The Use of Delamanid in the Treatment of Multidrug-Resistant Tuberculosis: Interim Policy Guidance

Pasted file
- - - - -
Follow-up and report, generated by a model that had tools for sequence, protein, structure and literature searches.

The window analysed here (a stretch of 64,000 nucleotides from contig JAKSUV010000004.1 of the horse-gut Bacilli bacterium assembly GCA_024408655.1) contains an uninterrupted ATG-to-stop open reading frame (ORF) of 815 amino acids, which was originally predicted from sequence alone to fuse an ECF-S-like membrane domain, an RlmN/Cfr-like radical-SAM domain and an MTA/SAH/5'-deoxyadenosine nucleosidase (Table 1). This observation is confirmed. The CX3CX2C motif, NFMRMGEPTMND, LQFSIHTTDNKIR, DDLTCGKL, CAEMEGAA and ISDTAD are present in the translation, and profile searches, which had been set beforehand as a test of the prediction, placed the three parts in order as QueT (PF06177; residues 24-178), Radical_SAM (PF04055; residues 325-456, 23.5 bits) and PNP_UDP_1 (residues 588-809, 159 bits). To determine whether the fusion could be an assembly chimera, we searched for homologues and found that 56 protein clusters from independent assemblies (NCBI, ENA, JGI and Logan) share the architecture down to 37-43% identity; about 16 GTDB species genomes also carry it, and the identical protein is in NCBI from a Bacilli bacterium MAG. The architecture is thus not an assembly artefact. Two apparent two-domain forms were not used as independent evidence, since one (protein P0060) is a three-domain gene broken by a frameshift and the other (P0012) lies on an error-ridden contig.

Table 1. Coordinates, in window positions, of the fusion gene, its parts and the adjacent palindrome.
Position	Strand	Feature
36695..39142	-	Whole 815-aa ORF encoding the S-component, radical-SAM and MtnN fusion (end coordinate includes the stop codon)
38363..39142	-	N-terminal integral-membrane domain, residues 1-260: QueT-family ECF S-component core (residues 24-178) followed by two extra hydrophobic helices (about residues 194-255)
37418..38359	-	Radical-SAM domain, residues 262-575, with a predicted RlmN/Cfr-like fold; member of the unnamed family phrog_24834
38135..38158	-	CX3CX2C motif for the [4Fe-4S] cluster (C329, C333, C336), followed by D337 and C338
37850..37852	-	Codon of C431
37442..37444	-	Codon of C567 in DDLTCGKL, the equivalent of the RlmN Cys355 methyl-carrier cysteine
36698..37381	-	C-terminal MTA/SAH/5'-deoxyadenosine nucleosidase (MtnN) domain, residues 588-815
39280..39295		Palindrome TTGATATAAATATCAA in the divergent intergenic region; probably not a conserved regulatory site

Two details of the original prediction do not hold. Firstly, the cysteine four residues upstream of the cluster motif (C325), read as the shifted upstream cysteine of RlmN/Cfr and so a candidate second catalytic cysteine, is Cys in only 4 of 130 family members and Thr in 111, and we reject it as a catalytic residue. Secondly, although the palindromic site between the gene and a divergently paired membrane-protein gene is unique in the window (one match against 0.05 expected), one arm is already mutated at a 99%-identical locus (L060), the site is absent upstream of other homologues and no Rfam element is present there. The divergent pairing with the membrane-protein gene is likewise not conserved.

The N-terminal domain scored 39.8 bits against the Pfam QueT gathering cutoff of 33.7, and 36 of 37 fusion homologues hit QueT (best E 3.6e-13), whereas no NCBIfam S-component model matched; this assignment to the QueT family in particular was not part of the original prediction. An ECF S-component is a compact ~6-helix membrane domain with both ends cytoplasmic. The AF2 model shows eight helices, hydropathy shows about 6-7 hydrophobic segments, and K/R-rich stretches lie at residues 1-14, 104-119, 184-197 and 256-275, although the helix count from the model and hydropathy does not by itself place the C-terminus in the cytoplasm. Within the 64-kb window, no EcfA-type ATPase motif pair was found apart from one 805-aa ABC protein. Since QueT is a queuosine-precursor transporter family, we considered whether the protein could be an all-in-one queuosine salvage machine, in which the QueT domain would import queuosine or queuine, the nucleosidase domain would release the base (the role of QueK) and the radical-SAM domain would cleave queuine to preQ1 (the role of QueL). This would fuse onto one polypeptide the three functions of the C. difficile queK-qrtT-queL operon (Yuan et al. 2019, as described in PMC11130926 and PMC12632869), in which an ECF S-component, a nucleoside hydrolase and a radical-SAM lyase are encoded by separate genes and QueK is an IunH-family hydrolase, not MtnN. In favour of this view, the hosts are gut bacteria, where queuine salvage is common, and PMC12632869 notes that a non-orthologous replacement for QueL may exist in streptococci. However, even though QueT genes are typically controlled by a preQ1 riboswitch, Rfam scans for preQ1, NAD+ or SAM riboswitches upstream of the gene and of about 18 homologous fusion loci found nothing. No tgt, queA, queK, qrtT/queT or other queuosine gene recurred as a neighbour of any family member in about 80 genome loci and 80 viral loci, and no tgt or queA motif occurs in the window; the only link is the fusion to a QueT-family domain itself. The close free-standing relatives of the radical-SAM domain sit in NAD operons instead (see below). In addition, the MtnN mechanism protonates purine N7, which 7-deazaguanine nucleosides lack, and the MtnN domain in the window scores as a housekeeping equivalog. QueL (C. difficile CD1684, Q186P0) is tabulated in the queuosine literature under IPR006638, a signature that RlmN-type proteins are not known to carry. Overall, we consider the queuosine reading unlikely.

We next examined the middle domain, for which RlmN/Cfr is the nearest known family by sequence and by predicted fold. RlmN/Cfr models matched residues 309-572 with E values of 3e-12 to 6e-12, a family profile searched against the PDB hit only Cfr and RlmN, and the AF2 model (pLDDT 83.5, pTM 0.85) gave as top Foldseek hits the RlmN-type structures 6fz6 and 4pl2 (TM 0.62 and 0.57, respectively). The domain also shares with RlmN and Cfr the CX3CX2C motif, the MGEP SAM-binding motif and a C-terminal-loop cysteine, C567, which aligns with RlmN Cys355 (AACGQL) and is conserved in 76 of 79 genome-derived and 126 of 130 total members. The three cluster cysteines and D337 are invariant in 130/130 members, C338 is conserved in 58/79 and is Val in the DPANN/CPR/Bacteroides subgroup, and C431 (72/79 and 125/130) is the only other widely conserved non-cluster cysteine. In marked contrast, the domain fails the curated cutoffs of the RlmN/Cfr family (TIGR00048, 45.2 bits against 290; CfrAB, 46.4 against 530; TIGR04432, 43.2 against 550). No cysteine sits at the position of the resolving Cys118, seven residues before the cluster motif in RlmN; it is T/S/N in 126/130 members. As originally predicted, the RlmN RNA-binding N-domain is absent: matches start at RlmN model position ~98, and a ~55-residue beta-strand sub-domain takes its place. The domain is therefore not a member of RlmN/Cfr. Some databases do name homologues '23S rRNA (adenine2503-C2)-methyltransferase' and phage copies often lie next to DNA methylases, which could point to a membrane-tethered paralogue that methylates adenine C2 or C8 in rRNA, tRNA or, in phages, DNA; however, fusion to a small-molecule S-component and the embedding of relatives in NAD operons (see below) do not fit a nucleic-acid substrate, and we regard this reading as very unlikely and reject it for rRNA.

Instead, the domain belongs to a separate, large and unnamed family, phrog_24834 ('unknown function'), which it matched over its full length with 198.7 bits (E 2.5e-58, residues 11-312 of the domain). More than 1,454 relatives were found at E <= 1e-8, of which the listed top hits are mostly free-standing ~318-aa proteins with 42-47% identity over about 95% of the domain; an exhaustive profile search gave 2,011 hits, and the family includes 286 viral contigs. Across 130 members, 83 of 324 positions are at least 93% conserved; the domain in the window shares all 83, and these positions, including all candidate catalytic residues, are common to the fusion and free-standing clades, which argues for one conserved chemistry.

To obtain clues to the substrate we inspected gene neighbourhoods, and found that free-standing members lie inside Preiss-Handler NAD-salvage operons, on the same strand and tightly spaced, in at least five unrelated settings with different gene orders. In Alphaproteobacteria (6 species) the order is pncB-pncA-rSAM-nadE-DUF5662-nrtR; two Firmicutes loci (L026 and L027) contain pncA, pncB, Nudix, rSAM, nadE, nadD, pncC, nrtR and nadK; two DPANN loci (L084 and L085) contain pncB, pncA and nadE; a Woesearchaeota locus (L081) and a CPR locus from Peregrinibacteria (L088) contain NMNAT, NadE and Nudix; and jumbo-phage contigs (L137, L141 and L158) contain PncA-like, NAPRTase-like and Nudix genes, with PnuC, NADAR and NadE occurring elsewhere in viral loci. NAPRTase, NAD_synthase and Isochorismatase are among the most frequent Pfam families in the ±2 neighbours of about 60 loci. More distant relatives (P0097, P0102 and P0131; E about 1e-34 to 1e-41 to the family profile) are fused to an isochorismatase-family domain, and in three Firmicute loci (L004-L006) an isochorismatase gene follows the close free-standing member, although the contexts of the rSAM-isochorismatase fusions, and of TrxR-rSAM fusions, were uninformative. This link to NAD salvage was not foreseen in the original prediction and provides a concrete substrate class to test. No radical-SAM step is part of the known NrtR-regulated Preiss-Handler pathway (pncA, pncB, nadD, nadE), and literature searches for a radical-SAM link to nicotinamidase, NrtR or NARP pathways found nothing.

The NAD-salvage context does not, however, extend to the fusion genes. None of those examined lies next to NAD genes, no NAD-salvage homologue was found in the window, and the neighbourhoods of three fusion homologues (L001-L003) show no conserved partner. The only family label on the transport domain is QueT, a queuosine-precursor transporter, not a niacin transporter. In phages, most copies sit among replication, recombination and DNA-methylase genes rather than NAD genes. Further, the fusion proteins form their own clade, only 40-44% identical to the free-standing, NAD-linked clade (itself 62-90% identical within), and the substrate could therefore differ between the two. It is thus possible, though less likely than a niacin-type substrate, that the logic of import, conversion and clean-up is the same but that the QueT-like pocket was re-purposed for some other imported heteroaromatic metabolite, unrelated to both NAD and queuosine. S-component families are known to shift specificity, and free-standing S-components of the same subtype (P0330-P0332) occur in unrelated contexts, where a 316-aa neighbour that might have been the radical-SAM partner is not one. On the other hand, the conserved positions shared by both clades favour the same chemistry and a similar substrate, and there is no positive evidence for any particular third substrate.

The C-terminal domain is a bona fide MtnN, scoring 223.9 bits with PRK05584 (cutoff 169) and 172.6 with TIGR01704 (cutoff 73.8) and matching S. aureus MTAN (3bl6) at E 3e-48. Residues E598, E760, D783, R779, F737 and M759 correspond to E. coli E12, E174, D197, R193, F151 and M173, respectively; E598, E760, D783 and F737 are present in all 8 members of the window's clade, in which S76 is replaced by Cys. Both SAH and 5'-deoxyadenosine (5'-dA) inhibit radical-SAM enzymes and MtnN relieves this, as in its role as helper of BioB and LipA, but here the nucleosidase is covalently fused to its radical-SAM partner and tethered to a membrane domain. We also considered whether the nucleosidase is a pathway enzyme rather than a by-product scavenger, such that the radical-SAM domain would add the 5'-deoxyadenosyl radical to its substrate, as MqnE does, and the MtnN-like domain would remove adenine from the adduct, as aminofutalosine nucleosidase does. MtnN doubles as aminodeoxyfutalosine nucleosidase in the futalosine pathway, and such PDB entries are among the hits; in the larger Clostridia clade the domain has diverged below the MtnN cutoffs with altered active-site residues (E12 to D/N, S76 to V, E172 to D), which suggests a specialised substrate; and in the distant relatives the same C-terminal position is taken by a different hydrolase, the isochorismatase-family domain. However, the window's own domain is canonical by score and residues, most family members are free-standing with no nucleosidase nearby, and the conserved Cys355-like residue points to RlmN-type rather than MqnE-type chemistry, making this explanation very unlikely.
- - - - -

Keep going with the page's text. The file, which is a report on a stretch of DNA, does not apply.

Drug resistance is a major threat to global tuberculosis (TB) care and control. WHO estimates that around 480,000 new multidrug-resistant tuberculosis (MDR-TB) cases occured in 2013. Current treatment regimens for drug-resistant TB are complex, lengthy, toxic and expensive. Only about one half of MDR-TB patients started on treatment globally are reported to be treated successfully, largely due to a high frequency of death and loss to follow-up, commonly associated with adverse drug reactions and high costs of treatment. In addition, it is estimated that up to a third of MDR-TB cases may have strains with additional resistance to fluoroquinolones and/or injectable second-line drugs (aminoglycosides or capreomycin), rendering their treatment even more difficult, with recourse only to highly toxic drugs. The landscape of drug development for treatment of TB has evolved over the past ten years and novel drugs are presently or soon entering Phase III trials for the treatment of MDR-TB. Considering the global MDR-TB crisis, the limited therapeutic options available for this life-threatening condition, and the need to promote safe and responsible use of TB drugs, WHO convened an Expert Group in April 2014 to review the available evidence on the efficacy, safety and effectiveness of delamanid, a new drug for the treatment of MDR-TB, with the view to issue interim recommendations on its use in conjunction with WHO-recommended MDR-TB treatment.